North Carolina-based Nestor Pineda insists on using recycled and natural raw materials. “Being eco-friendly and environmentally conscious is the core of my company,” he tells Ecouterre. “It is the DNA of my products.” His company, Aria Handmade, produces handcrafted jewelry and accessories featuring hand-harvested, nuts and seeds of South America, along with recycled materials from the United States.
Pineda finds recycled aluminum from Miami, fibers from North Carolina, and orange peel and melon seeds from the local farmers’ market. His colorful cowls on display at the NYIGF drew our eye and became of even more interest after we found out they are hand-spun by local spinners in Asheville.
As a member of the Fair Trade Federation, Worldfinds works directly with low-income artisans in India and Indonesia. The cuffs and bracelets are made from the scraps left over from bag production. The Kantha collection of bracelets and handbags on display at the NYIGF highlighted their ability to give recycled cotton kantha quilts a new life. The quilts themselves are made from recycled saris, so the resulting Worldfinds products could be considered re-upcycled!
Mushmina has only existed as a company for three years, but the passion behind the effort spans many years. Sisters Katie and Heather O’Neill wanted to make a difference in the developing world and chose Morocco as a base where they now employ over 75 artisans, both men and women. Through their line of fair trade bags, clothing, scarves and jewelry, they help promote cultural integrity and quality craftsmanship. Their jewelry features upcycled metals and found charms and their newest line of bags are made from traditional upholstery fabrics. Although many of the local artisans work from home, the duo are set to open a Mushmina Workshop and atelier in the near future.
Mata Traders is another fair trade company that works with artisans in India and Nepal to create clothing, accessories, bags and jewelry. The company employs about 400 women who produce two collections per year. All products are handmade using artistic traditions such as block-printing and hand embroidery. With bold patterns en vogue, why not choose some with a real story and face behind them?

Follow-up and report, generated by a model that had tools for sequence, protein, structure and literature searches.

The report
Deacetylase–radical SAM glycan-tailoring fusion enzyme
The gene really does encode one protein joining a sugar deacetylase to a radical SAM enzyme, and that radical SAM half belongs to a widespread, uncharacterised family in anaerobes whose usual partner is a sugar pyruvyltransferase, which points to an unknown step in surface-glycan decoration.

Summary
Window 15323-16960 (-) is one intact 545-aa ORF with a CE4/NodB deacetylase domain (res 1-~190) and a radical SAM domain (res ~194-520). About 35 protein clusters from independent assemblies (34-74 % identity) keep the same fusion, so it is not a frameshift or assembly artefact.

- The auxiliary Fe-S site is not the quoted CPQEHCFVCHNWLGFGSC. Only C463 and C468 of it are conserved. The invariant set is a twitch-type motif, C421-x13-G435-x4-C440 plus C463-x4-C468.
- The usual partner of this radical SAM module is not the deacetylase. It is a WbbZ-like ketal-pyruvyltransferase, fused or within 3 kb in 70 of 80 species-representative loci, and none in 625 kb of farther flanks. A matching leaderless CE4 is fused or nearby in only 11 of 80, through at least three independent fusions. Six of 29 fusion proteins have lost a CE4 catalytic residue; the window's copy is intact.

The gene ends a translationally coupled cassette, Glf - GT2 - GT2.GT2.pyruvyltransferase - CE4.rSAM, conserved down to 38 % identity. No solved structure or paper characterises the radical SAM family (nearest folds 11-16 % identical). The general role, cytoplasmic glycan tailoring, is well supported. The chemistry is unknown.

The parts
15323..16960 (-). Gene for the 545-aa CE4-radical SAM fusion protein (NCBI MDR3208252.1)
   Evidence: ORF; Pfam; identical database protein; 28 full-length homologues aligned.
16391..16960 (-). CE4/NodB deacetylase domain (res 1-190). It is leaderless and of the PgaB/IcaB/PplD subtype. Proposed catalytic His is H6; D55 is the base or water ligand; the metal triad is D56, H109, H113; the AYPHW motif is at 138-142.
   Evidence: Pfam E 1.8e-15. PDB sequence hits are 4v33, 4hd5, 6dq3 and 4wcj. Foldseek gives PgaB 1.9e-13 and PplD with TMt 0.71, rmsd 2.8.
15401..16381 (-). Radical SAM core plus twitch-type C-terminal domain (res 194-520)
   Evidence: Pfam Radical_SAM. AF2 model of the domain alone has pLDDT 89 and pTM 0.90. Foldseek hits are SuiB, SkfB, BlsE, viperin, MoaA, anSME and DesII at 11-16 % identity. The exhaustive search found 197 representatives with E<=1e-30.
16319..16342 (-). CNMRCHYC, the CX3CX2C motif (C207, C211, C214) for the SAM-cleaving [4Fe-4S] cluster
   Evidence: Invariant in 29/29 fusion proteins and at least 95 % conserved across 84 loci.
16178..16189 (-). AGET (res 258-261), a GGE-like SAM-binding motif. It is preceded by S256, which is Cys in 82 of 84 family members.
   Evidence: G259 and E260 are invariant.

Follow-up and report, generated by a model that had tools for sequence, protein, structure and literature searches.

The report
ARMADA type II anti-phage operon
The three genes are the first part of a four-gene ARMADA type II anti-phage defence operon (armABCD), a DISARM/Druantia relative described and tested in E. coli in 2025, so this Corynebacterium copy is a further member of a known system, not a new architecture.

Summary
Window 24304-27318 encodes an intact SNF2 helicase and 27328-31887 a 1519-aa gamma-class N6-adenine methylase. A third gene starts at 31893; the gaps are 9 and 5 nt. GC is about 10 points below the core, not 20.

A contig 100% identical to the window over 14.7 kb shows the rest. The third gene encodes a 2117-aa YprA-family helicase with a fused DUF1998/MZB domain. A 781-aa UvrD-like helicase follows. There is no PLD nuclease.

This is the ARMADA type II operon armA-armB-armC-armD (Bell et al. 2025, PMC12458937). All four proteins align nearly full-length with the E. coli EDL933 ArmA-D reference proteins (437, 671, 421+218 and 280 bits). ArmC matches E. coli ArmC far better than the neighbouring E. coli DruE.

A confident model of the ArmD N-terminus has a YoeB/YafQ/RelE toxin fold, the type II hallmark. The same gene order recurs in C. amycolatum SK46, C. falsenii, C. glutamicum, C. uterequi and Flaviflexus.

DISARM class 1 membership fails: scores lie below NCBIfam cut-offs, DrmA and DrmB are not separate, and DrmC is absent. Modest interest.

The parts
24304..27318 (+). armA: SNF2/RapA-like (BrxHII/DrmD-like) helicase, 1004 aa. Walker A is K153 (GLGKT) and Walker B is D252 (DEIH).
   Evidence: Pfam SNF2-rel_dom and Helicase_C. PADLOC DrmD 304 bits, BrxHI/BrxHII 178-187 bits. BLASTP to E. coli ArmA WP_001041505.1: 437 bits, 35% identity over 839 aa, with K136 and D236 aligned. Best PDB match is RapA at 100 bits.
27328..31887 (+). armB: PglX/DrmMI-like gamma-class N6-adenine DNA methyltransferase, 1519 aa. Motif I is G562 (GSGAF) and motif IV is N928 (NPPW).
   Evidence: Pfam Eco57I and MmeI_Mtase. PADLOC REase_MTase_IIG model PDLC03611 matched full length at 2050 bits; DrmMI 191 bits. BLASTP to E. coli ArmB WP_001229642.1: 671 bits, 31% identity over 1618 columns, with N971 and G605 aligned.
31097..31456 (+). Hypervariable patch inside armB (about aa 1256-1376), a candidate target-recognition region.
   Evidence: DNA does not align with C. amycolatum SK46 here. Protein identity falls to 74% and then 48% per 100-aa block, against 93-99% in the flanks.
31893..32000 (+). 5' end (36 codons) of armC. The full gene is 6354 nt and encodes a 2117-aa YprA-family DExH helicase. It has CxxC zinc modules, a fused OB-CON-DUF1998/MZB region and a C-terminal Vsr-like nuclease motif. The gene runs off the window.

Closer to home, LA-based Eric Silva uses a variety of found and recycled materials in his jewelry line. Sophisticated cuffs feature upcycled steel overlaid with found shed antler. Silva converts recycled wood into carved chain-link necklaces that add a natural touch to any outfit. Even hardened volcanic lava becomes the pendant and focal point for an otherwise rustic sterling silver necklace.
Aurea is a small company that works with local talent and resources to produce well-designed products made from natural materials. The Brazilian fair trade company has made a name for itself with its golden grass products. The shimmery, natural fiber looks similar to gold or fine copper filaments and when tightly woven or wrapped into Aurea’s line of jewelry, it proves just as resilient. Golden grass grows abundantly in Central Brazil without the use of pesticides or other toxic products. Moreover, local regulations prevent over-harvesting and no dyes or coatings are applied to the finished products. Aurea works directly with artisan, most of who are women who work from home and set their own prices.
Mushana’s Market Bag caught our eye for its creative use of recycled paper. The recycled magazine pages are hand rolled on toothpicks, naturally dyed and woven into form. The bags are handmade by artisans in Uganda who receive a fair wage for their work. Mushana works with international designers and local artisans who use both recycled and local materials to create home and fashion items appealing to international markets.